Wednesday, May 23, 2012

Dancing continued

Thanks to Njinsky for his link to a Zenit article on `liturgical` dance whch includes an essay published in Notitiae in 1975. I had trouble with the link but eventually accessed it from a computer with different anti-virus software. It`s a pity there is nothing more authoritative as an essay even in Notitiae (the official organ of the Vatican`s Congregation for Divine Worship) is far from binding. However it makes some good points including, I`m glad to see, the issue of participation.

While some forms of stylised dance have a place in some ancient liturgies (notably the Ethiopians) it has no place in the Roman Rite. However the urge to dance in church appears not to be so recent. I knew about the Seises in Seville cathedral and this article reveals:

The propriety of the religious dance was hotly contested at various epochs in the history of the Church. A council prohibited the practice in 692, but it was still very general in 1617. Saint Augustine was against it, but Saint Chrysostom took part in it. In the six­teenth century the dance was accompanied by a solemn game of ball in many French churches, and in 1683 it was the duty of the senior canon to lead a dance of choir-boys in the Paris Cathedral.

Well I`ve yet to see a ball game during Mass (just when you think you`ve seen it all......) but it does appear the whole concept of dance was severely frowned upon but survived somehow in Seville.

The Notitiae article says:

Neither can acceptance be had of the proposal to introduce into the liturgy the so-called artistic ballet because there would be presentation here also of a spectacle at which one would assist, while in the liturgy one of the norms from which one cannot prescind is that of participation.

Therefore, there is a great difference in cultures: what is well received in one culture cannot be taken on by another culture.

The traditional reserve of the seriousness of religious worship, and of the Latin worship in particular, must never be forgotten.

If the proposal of the religious dance in the West is really to be made welcome, care will have to be taken that in its regard a place be found outside of the liturgy, in assembly areas which are not strictly liturgical. Moreover, the priests must always be excluded from the dance.

We can recall how much was derived from the presence of the Samoans at Rome for the missionary festival of 1971. At the end of the Mass, they carried out their dance in St. Peter’s square: and all were joyful.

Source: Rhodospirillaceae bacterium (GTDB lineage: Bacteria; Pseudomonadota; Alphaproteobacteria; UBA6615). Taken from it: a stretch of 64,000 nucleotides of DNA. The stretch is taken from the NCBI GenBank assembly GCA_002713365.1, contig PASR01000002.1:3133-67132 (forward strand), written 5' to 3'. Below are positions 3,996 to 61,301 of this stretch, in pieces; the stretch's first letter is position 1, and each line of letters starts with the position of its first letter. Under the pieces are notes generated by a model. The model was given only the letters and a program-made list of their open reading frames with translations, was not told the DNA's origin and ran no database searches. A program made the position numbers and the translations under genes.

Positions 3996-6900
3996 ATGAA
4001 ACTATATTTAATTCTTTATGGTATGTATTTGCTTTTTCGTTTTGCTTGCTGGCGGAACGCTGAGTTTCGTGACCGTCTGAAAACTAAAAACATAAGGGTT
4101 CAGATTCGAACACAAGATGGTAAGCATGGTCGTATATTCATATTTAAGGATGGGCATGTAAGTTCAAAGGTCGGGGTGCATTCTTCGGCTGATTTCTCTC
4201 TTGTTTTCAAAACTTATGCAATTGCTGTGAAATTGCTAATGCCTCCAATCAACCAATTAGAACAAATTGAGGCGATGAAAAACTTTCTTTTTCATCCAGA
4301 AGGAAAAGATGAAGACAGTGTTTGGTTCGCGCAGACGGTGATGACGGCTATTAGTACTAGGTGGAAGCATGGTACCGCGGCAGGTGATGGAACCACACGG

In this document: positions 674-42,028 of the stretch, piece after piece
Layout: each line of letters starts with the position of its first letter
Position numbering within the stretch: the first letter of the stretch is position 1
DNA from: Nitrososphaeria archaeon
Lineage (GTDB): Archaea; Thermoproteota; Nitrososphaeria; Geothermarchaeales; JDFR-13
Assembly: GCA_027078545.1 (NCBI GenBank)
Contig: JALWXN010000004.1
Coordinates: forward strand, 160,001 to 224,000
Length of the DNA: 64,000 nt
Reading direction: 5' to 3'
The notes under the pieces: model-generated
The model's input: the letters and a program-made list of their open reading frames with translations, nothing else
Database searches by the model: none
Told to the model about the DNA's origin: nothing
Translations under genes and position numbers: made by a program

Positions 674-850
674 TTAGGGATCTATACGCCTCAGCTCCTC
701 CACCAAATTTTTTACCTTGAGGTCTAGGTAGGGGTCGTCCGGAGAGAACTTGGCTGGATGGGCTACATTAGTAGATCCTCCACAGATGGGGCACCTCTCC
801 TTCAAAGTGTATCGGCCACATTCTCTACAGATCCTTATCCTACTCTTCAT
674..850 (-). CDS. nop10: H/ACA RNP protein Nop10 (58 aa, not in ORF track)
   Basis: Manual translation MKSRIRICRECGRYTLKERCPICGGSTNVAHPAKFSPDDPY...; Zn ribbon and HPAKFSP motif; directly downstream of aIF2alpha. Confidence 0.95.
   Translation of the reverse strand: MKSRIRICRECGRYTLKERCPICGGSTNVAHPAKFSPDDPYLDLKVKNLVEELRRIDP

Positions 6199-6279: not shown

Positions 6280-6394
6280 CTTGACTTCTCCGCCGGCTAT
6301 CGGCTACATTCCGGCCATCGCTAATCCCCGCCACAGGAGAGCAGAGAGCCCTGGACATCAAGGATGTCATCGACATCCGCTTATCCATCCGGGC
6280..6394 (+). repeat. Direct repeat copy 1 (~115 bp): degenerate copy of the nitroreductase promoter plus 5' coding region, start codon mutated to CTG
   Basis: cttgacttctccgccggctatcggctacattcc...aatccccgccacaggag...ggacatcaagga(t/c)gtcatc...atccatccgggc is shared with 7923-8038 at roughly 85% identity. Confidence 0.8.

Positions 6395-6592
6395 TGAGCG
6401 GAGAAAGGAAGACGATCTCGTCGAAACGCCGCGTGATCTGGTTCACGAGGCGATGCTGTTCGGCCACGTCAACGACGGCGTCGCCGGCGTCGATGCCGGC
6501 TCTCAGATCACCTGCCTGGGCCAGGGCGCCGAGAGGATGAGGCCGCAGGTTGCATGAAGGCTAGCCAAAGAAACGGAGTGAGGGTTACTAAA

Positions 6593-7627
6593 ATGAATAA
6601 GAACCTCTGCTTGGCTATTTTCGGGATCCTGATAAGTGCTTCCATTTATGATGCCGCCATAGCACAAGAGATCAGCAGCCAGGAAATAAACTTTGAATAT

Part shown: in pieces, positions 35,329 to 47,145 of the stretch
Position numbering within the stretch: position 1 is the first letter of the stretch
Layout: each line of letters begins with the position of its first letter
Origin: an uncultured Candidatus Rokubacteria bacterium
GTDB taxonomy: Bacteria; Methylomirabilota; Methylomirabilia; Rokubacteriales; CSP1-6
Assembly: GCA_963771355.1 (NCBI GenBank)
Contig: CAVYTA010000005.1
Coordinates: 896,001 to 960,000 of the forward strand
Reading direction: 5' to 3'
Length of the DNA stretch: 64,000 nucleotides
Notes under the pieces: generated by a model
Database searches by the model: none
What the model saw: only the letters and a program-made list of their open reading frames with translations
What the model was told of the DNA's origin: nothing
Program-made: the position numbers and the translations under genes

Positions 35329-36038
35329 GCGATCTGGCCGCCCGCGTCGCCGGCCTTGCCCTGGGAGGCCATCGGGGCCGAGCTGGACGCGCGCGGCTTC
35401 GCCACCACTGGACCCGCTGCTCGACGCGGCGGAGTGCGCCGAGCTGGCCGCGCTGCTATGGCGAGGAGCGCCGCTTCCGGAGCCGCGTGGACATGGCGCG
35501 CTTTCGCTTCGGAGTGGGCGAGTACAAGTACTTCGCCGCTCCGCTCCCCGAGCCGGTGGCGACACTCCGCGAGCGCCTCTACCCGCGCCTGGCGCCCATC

I have no problem with Samoans or anyone else dancing in St Peter`s Square after Mass or at a papal audience. All I can say is that it doesn`t help me to pray at Mass. In the meantime I suppose the whole issue will continue to be `hotly contested`.


Ben Whitworth said...

On the French ball game (a sacred precursor of 'le rugby'?), there's a tantalising snippet of a forthcoming book here: The author is the chaplain at Newcastle University (and he sometimes celebrates the traditional Latin Mass!).

Njinsky said...

Liturgical Dance, if properly ordered and performed, could really enhance any liturgical service. But why should it be restricted to young people, and especially the girls. Why can't the pensioners get in on the act. Is their dancing not good enough? It is time for some creative thinking. Why not ask for suggestions and really start some murmuring in the forest.

For the pensioners I suggest a little combo in a side altar playing some Glenn Miller.
At Christmas we could dance to 'The Story of a Starry Night.'
For Easter morning we could have 'Sunrise Serenade'.
For Harvest Festival there is 'Don't Sit Under the Apple Tree With Anybody Else But me'.
At Pentecost we could dance to 'The Spirit is Willing' which would be especially appropriate for pensioners.
For weddings how about 'I Want To Be Happy' or, as a fall back, 'Fools Rush In Where Angels Fear To Tread.' And for Baptisms there is 'My Melancholy Baby'.

This kind of initiative would really bring about active participation and fill the pews.


Typical racist remarks from a priest who loves dressing up in cassocks and would have no hesitation in celebrating the Good Friday liturgy inthe extraordinary form and using the old prayer for the Jews

Mike Cliffson said...

This IS restrained. If you understand Spaniards, apart from the Med., at all: very.
By the same token: "happyclappy "doesn't quite cover it if you ever see Spàniards clapping coffins at a funeral.